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Mol Cancer Res. 2010 Dec;8(12):1610-8. doi: 10.1158/1541-7786.MCR-10-0398. Epub 2010 Nov 29.

Enhancer of zeste homolog 2 promotes the proliferation and invasion of epithelial ovarian cancer cells.

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  • 1Women's Cancer Program, Fox Chase Cancer Center, W446, 333 Cottman Avenue, Philadelphia, PA 19111, USA.

Abstract

Enhancer of zeste homolog 2 (EZH2) is the catalytic subunit of the polycomb repressive complex 2 (PRC2) that includes noncatalytic subunits suppressor of zeste 12 (SUZ12) and embryonic ectoderm development (EED). When present in PRC2, EZH2 catalyzes trimethylation on lysine 27 residue of histone H3 (H3K27Me3), resulting in epigenetic silencing of gene expression. Here, we investigated the expression and function of EZH2 in epithelial ovarian cancer (EOC). When compared with primary human ovarian surface epithelial (pHOSE) cells, EZH2, SUZ12, and EED were expressed at higher levels in all 8 human EOC cell lines tested. Consistently, H3K27Me3 was also overexpressed in human EOC cell lines compared with pHOSE cells. EZH2 was significantly overexpressed in primary human EOCs (n = 134) when compared with normal ovarian surface epithelium (n = 46; P < 0.001). EZH2 expression positively correlated with expression of Ki67 (P < 0.001; a marker of cell proliferation) and tumor grade (P = 0.034) but not tumor stage (P = 0.908) in EOC. There was no correlation of EZH2 expression with overall (P = 0.3) or disease-free survival (P = 0.2) in high-grade serous histotype EOC patients (n = 98). Knockdown of EZH2 expression reduced the level of H3K27Me3 and suppressed the growth of human EOC cells both in vitro and in vivo in xenograft models. EZH2 knockdown induced apoptosis of human EOC cells. Finally, we showed that EZH2 knockdown suppressed the invasion of human EOC cells. Together, these data demonstrate that EZH2 is frequently overexpressed in human EOC cells and its overexpression promotes the proliferation and invasion of human EOC cells, suggesting that EZH2 is a potential target for developing EOC therapeutics.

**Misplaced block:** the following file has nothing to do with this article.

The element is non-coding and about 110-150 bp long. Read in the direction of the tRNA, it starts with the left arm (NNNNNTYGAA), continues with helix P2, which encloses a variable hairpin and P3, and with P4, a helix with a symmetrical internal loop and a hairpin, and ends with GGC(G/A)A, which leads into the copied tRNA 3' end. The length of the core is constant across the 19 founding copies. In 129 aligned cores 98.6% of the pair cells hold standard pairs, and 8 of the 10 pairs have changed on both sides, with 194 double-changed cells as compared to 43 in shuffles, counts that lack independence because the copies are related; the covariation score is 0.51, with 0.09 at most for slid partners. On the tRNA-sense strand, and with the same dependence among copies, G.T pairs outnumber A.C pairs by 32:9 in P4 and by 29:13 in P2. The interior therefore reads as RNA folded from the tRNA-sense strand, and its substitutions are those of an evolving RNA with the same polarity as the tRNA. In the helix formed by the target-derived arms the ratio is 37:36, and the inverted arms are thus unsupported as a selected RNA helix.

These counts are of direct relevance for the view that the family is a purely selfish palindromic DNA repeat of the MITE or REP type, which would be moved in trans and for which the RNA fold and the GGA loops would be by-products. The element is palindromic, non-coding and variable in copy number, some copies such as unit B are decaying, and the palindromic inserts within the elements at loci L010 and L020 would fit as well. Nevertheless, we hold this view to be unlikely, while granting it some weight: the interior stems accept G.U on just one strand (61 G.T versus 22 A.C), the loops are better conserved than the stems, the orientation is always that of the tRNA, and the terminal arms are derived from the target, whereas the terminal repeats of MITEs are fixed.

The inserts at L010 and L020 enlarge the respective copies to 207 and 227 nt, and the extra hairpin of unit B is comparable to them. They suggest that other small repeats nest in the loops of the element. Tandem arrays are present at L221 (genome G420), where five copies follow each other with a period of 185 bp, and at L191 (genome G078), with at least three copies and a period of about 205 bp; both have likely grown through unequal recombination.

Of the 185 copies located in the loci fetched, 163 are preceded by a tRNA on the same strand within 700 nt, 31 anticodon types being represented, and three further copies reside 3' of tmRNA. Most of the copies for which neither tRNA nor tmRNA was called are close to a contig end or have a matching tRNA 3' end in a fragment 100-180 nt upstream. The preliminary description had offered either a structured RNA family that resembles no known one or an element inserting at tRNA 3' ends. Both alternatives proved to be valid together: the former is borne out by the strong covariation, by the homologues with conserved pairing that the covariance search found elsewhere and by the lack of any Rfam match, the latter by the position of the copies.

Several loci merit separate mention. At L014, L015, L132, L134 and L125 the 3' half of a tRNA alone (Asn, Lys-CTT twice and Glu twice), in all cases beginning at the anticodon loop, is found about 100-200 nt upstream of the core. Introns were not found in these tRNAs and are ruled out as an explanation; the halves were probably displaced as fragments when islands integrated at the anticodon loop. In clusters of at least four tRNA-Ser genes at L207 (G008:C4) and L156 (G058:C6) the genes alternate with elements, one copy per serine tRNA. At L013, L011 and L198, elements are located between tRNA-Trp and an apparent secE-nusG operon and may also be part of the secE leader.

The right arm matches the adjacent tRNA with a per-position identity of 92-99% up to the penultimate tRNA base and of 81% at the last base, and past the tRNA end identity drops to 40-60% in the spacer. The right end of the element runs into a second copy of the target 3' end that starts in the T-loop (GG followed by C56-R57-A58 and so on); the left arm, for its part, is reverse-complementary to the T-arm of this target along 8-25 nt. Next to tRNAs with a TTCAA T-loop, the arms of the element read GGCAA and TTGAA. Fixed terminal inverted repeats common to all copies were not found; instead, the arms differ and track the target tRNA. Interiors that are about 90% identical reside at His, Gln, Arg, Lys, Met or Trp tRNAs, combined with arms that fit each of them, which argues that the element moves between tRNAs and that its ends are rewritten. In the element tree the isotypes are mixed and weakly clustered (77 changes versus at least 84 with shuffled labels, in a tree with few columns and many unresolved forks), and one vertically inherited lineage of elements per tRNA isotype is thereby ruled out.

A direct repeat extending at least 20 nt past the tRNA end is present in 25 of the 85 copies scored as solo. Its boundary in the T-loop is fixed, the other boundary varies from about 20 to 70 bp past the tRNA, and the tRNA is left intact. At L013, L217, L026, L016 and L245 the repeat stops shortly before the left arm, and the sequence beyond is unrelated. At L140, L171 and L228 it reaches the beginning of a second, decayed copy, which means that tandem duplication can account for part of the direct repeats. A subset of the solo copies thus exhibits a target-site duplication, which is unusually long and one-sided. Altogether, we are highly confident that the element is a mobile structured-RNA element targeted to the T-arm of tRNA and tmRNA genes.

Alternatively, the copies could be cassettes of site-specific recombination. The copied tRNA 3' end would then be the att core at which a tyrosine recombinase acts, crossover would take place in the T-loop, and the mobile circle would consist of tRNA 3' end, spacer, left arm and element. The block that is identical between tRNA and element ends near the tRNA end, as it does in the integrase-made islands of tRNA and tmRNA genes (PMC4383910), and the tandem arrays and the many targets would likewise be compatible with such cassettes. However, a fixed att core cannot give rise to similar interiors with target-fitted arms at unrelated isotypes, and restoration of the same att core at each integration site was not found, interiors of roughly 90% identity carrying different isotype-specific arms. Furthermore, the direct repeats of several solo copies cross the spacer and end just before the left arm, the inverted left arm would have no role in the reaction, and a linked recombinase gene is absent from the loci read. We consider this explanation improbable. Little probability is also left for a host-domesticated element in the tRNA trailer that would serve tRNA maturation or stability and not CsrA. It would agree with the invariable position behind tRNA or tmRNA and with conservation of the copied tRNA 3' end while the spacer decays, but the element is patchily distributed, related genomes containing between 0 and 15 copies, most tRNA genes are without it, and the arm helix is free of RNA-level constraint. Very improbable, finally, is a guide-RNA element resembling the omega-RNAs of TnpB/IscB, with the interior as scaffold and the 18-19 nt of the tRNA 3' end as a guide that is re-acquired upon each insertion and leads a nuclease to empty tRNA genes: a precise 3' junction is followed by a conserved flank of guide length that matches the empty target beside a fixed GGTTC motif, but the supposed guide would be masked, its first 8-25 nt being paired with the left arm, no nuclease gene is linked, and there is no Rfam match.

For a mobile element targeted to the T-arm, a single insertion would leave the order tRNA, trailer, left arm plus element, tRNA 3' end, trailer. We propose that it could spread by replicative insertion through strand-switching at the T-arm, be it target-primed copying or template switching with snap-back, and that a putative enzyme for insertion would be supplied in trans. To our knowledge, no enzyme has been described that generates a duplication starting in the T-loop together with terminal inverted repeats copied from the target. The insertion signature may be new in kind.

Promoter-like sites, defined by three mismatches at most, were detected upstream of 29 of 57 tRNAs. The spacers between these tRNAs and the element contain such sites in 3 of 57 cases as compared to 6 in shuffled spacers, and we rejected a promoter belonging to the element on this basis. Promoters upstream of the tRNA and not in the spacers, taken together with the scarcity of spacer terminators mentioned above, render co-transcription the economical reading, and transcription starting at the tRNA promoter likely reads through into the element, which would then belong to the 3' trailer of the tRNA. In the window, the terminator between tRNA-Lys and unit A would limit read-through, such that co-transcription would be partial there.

©2010 AACR.

PMID:
21115743
[PubMed - indexed for MEDLINE]
PMCID:
PMC3059727
Free PMC Article

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